Guilds & Galleries
While walking through the past, be sure to take some time to visit the galleries that showcase the talent of PEI’s present. Many smaller towns have galleries that display local artists and bigger cities often have international exhibits as well. The Guild in Charlottetown presents live entertainment and one of the favourites is a musical based on the beloved Anne of Green Gables books, another treasure of PEI.
Gallery 18 in New London has a selection of collectible and antique maps, books, prints and art while the Art Gallery in Springbrook features scenic images of New London and the French River fishing village. Works are originals and reproductions of PEI.
The Studio Gallery in Victoria has batik, photographs, etchings and more for sale and the Pinette Studios of Eldon has stained glass and prints that feature natural scenes and wildlife.
Once you’ve chosen your art, be sure to head to the Colville Bay Frame Shop & Gallery to get your art piece framed and look at more works from local and Maritime artists.
Events Steeped in Culture
©Tourism PEI / John Sylvester
Cultural events on the island range from huge to local and have something to offer all visitors. The Charlottetown Festival lasts through the summer and features numerous shows at the Confederation Centre of the Arts including the dramatic Story of Confederation that takes place in a replica of the Confederation Chamber at Province House.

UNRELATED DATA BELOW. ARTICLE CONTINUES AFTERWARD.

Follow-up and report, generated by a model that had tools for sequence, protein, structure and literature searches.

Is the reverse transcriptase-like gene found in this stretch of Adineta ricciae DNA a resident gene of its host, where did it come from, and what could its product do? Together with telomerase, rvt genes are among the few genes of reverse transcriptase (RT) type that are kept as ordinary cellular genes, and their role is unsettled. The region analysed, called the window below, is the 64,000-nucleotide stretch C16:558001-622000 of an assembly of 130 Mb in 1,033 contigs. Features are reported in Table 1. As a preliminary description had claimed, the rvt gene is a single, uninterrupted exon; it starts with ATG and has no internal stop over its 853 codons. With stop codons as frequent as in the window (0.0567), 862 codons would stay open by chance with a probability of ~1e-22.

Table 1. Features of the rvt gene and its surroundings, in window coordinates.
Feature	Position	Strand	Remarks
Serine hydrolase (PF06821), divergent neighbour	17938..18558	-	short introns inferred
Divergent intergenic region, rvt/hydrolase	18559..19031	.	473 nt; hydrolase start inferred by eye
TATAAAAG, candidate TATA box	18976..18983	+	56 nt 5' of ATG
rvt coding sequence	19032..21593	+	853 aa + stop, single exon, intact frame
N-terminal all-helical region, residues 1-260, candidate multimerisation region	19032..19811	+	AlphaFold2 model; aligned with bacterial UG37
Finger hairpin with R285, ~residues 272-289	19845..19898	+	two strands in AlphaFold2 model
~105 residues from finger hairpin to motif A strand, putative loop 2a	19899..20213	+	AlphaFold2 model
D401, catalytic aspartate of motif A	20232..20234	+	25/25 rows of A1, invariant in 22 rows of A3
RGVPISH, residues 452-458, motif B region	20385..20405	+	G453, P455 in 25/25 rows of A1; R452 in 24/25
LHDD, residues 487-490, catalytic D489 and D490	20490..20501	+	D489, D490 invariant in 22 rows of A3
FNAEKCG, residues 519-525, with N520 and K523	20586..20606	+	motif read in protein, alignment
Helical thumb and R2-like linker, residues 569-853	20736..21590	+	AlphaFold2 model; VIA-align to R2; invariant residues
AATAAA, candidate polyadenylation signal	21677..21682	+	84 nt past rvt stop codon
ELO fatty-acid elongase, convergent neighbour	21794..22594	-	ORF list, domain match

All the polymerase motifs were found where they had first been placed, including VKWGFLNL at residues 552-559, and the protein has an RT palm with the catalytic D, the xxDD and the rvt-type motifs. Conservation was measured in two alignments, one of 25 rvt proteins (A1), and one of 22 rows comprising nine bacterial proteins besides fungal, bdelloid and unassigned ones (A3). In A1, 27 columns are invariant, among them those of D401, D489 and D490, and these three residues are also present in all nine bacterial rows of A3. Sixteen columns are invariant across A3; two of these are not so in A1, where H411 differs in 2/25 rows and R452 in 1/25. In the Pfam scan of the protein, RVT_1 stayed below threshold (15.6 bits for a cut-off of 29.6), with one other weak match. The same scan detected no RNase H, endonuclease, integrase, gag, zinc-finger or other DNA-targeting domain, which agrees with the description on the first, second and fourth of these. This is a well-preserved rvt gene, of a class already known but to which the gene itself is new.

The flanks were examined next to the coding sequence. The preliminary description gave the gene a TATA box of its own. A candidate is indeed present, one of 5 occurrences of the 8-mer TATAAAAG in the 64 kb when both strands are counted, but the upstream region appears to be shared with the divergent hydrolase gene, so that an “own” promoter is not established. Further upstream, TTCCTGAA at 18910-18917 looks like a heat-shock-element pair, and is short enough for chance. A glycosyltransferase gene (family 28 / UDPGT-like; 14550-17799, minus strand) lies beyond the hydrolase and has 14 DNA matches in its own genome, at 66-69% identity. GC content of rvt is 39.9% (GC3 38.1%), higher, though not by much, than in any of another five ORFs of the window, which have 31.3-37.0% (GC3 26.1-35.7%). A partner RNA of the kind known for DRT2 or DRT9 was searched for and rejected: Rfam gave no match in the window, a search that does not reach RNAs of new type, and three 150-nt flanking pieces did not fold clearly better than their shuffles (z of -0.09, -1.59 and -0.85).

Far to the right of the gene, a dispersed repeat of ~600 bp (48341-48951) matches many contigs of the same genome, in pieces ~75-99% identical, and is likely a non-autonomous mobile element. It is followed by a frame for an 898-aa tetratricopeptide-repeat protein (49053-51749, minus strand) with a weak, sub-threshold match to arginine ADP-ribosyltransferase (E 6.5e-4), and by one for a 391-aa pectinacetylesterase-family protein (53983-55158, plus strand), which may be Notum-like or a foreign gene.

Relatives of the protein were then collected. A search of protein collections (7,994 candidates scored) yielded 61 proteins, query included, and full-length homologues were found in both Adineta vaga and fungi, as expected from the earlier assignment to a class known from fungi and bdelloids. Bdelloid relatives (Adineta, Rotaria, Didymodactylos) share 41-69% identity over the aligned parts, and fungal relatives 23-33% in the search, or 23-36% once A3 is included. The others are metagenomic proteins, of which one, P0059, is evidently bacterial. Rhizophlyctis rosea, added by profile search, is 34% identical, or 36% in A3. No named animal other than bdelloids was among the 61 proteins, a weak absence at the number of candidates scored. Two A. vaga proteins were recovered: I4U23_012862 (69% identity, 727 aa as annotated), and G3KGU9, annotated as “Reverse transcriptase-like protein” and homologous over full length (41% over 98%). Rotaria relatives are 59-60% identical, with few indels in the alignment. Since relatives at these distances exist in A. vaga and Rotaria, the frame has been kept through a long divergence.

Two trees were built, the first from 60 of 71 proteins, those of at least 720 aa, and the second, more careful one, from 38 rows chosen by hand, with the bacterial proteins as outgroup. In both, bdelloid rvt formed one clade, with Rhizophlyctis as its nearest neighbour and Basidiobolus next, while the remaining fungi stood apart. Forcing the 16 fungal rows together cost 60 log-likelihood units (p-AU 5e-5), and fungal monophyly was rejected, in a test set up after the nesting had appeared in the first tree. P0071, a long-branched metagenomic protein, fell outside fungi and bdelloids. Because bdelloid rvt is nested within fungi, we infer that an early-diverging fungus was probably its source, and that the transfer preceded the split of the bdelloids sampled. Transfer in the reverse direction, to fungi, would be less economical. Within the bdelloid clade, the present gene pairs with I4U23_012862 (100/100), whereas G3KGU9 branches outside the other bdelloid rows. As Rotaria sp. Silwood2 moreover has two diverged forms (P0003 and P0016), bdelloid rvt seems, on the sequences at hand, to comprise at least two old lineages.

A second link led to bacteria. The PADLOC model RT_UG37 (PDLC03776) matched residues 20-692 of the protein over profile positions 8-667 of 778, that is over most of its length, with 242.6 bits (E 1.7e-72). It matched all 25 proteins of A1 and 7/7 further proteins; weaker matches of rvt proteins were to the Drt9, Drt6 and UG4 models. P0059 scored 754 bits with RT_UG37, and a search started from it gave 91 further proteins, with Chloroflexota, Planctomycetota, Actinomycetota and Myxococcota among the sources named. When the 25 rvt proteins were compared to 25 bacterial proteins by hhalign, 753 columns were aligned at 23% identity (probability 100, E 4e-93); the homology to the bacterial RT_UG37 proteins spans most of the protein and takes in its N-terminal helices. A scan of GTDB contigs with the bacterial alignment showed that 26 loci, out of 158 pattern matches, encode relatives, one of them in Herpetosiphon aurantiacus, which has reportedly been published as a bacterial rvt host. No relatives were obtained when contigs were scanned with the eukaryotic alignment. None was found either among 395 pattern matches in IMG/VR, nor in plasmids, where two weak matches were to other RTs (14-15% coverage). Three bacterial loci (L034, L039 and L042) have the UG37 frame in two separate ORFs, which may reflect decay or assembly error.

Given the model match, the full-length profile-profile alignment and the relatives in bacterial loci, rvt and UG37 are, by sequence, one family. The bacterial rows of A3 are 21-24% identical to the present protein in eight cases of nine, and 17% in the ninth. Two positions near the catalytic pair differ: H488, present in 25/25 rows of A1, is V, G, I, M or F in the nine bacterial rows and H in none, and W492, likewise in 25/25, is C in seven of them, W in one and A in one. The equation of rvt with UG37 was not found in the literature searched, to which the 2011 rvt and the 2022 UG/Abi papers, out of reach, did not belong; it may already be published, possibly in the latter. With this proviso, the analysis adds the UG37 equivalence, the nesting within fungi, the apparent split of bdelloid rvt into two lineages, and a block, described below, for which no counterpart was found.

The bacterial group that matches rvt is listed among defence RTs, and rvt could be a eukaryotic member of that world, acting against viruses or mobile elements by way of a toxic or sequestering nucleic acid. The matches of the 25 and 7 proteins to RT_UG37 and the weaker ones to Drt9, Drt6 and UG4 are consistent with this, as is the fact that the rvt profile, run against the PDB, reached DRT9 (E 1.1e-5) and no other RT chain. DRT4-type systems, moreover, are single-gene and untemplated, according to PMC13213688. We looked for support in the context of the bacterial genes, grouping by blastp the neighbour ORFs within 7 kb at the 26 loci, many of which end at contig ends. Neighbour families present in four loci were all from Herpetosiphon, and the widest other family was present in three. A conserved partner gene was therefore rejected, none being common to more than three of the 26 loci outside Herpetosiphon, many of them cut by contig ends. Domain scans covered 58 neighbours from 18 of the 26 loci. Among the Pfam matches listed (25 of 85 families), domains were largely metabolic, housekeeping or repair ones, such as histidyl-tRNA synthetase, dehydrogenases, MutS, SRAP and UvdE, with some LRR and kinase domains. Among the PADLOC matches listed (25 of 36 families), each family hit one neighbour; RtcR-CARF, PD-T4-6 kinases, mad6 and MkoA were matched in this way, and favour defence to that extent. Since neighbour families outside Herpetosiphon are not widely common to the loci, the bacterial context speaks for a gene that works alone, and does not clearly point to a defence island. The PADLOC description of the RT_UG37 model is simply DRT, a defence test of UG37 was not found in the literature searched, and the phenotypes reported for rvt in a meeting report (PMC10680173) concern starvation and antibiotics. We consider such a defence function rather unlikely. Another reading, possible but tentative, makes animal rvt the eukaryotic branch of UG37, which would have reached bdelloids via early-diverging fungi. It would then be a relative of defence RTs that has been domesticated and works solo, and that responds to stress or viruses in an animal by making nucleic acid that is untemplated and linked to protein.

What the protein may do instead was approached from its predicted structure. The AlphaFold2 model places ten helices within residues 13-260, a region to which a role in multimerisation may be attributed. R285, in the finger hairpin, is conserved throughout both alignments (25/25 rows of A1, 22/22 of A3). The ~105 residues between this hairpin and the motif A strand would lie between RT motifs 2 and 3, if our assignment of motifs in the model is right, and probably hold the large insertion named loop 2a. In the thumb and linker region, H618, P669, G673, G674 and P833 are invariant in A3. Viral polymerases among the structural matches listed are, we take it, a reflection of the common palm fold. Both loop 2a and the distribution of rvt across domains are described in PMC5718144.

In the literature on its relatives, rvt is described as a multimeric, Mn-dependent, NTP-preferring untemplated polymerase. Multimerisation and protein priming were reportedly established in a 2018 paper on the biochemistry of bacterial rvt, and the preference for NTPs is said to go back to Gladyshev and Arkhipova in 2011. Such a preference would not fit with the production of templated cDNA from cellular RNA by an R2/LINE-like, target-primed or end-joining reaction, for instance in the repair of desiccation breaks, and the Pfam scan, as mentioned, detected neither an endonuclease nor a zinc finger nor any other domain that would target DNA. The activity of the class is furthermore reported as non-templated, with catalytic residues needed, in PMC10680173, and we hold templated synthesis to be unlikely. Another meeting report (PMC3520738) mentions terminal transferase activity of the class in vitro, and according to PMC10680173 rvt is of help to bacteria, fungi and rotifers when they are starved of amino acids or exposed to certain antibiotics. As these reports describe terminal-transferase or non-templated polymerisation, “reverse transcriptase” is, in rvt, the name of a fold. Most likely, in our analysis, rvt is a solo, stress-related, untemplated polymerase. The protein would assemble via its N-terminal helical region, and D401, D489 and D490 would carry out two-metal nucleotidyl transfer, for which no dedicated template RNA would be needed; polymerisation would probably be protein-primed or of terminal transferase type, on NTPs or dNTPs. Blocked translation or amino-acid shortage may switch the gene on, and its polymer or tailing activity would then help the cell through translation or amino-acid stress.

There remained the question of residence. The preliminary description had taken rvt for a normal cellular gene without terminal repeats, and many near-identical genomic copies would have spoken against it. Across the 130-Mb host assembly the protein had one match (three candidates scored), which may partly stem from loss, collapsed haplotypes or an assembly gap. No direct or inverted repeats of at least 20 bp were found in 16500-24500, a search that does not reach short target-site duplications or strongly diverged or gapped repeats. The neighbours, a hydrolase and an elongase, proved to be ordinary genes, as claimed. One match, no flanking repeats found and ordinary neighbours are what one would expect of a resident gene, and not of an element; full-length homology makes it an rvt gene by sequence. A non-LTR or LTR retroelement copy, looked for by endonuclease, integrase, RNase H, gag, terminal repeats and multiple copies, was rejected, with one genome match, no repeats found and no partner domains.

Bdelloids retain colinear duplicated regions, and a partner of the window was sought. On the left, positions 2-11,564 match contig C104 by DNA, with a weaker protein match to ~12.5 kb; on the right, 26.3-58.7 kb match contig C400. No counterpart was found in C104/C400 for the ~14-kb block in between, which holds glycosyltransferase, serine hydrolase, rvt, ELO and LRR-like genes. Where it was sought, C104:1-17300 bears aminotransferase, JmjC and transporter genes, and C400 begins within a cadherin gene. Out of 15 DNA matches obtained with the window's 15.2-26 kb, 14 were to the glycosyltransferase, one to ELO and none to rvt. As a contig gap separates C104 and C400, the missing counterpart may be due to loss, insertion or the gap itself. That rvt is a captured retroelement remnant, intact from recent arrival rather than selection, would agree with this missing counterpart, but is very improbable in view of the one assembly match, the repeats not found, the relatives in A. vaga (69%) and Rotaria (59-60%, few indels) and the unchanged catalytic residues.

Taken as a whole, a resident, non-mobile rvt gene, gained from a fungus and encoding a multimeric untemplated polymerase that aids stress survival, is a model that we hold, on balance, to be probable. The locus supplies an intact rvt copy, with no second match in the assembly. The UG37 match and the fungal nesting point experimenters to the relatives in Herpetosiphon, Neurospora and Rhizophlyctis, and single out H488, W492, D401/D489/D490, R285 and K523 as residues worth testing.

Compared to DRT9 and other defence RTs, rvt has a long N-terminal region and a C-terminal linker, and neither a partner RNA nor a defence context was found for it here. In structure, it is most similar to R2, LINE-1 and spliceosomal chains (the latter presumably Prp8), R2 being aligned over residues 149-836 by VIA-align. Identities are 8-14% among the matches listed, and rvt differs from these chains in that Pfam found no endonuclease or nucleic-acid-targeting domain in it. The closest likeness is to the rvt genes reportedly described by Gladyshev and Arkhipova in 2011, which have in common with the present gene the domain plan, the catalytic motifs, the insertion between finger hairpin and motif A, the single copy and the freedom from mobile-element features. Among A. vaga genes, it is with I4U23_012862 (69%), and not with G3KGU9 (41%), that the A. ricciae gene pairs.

Watermark Theatre Summer Festival near Rustico has plays by Shakespeare and Oscar Wilde, in addition to nine short plays that were commissioned and tell the story of Canada. Each is only 10 minutes and presented in both English and French.
St Anne is the patron saint of the Mi’kmaq people and there is a St. Anne's Sunday Celebration held in her honour on the last Sunday of July. Visit Lennox Island to enjoy this festival and experience the great story-telling heritage of one of the island's indigenous First Nations.
Tourism PEI / John Sylvester
The First Nations’ Pow Wows are another incredible cultural event organized by the Mi’kmaq and include drumming, singing, traditional ceremonies and much more. Events are held at Scotchford Reserve, Confederation Landing Park in Charlottetown, Panmure Island and Lennox Island. This is a unique way to learn about the people that first settled the island and continue to play an important role in the community. The 17th annual Abegweit Pow Wow takes place August 15-16, 2015. Follow this link for more details.
With the history of Scotch settlers on the island, the number of Ceilidhs ongoing is not surprising. The Belfast Kitchen Party and Ceilidh runs through the end of September and Stratford Lions Club Ceilidh ends only two weeks earlier. Souris Silver Thread Ceilidh can be attended until the end of the year and many smaller events are held for only a week or two during the summer.
There are few places in Canada where visitors can enjoy so much culture, heritage and diverse history without travelling for hours. Prince Edward Island is truly unique, and one of the best places in the country to spend a summer holiday.